It’s strange how so many people seem to regard physical and mental functions of the human body as completely separate entities. Strange, because the brain is hardwired into every part of the body, and we have masses of evidence showing that much of what we experience and how we function physically is powerfully regulated by... MORE
Great expectations: use your brain for performance!
Andrew Hamilton looks at recent research showing that your mental expectations of exercise performance can actually change the way you perform
There are many parameters that determine how well an endurance athlete will perform. Without doubt however, one of the most important is maximum aerobic capacity (abbreviated as VO2max), which is widely accepted as the best measure of cardiovascular fitness and aerobic power. VO2max describes the maximum amount of oxygen you can absorb, transport round the body and utilise in your muscles when working flat out. All other things being equal, an endurance athlete with a higher VO2max will outperform an athlete whose VO2max is less. Because VO2max is physiological measurement of the maximal amount of oxygen consumed per kilo of body mass per minute, you might assume that there’s no way an athlete’s psychological state could change this measure. But a fascinating recent study suggests that your expectations could indeed change your measured VO2max in a test situation [J Sports Med Phys Fitness. 2018 May;58(5):744-749].
The participants in this study were experienced runners who regularly ran for exercise or competitively. All participants completed two VO2max tests within a 2-week period at similar times of the day. After the first test and prior to the second, the runners were (unknown to them) allocated into two groups. Before the second test began, half of the runners were given positive feedback and encouraged as they were informed that their aerobic capacity on the first test was above the group average (when it wasn’t). The remaining runners were told that a second test was needed for validation purposes – ie no positive feedback was given. The net result was the half of the runners went into the second VO2max test expecting to do well, while the other half had no expectations (positive or negative). The results of the two groups were then compared to see if the runners’ positive expectations altered their VO2max test results in the second test.
The key finding was that the runners with enhanced expectancy demonstrated a significant increase (+3.28%) in their VO2max from test number 1 to number 2 (up from 61.1mls/kg/min to 63.7mls/kg/ min). This was in contrast to the other runners, who experienced no such gains (indeed, they showed a small decline of 1.6mls/kg/min). The magnitude of the gains in the runners with enhanced expectations was very significant, meaning that these gains were highly unlikely to have come about by chance, and must have been therefore due to their expectations..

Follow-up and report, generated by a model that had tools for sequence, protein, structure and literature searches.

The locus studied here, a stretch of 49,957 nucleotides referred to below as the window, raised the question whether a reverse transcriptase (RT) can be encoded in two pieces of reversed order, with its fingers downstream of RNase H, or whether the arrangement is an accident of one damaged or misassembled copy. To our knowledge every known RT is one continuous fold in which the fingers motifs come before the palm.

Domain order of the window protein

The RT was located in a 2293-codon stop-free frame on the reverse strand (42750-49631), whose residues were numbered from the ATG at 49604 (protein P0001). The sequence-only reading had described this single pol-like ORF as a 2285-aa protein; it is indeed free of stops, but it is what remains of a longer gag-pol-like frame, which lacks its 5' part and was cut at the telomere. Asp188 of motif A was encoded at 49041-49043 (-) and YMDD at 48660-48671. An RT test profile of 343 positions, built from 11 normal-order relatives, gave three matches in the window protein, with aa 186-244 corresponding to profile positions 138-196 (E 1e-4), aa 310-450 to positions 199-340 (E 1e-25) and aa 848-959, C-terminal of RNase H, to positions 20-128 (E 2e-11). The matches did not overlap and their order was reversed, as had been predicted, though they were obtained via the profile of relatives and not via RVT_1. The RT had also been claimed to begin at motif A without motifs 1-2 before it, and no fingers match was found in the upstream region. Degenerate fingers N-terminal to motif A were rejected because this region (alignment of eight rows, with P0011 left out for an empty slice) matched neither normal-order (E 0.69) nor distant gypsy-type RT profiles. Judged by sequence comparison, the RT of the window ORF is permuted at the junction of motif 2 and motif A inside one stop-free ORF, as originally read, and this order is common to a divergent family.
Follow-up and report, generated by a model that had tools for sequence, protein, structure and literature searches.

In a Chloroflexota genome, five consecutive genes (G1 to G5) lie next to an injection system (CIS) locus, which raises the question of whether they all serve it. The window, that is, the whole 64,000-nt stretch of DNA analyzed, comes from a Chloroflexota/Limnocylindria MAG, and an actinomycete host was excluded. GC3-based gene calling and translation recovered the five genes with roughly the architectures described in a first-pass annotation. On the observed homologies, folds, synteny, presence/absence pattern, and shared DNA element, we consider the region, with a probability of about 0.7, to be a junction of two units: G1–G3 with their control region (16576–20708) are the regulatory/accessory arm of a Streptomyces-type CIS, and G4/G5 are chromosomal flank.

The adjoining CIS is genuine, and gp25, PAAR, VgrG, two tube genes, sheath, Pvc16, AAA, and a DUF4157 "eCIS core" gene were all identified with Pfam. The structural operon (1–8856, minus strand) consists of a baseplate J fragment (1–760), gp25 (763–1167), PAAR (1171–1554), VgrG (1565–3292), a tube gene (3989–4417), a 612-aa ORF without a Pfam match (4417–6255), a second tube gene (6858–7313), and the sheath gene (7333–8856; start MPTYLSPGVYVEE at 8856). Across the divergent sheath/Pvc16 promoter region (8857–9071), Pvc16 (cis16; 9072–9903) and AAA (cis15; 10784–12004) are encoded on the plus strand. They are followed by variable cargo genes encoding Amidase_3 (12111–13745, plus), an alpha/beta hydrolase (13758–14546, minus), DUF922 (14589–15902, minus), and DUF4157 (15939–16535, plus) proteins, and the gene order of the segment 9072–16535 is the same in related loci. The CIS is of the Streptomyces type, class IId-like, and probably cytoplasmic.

How could the runners’ expectations possibly affect their maximum aerobic capacity, especially when other measures such as perceived exertion and respiratory exchange ratio (basically, what fuels your body uses to produce aerobic power) remained the same in both groups of runners? One possible explanation is the way the brain monitors and regulates exercise intensity. We already know that your mood and perceptions of an event can affect the level of fatigue you experience during that event – witness the use of music and positive mental imagery to boost performance.
Also, recent research has demonstrated that cyclists racing an avatar can be mentally tricked, resulting in better performance1. These cyclists were told that the baseline pace of the avatar was the same as their own baseline pace; however, it was actually set 2% faster, which led the cyclists to perform better than they had done previously. And even when they were informed about the deception, they continued to perform better in future trials, suggesting that it enabled them to recalibrate their pacing and effort.
How can you apply these findings in practice? It’s obviously not possible to deceive yourself but here are some tips that could help boost your performance:
- During more challenging training sessions/races, remind yourself of even harder and longer sessions that you’ve successfully completed to put your current effort into context; this should feedback into the your brain’s processing loop, reducing fatigue.
- Include a few very high-intensity interval training sessions in your training programme; they’ll help to ‘teach’ the brain that maximum intensities in a race situation are ‘OK’ for your body, and will also help to lower fatigue perception at normal training pace.
- Try using positive mental imagery prior to your races; visualising success in your mind can help over time to recalibrate your brain’s expectations, and therefore improve performance.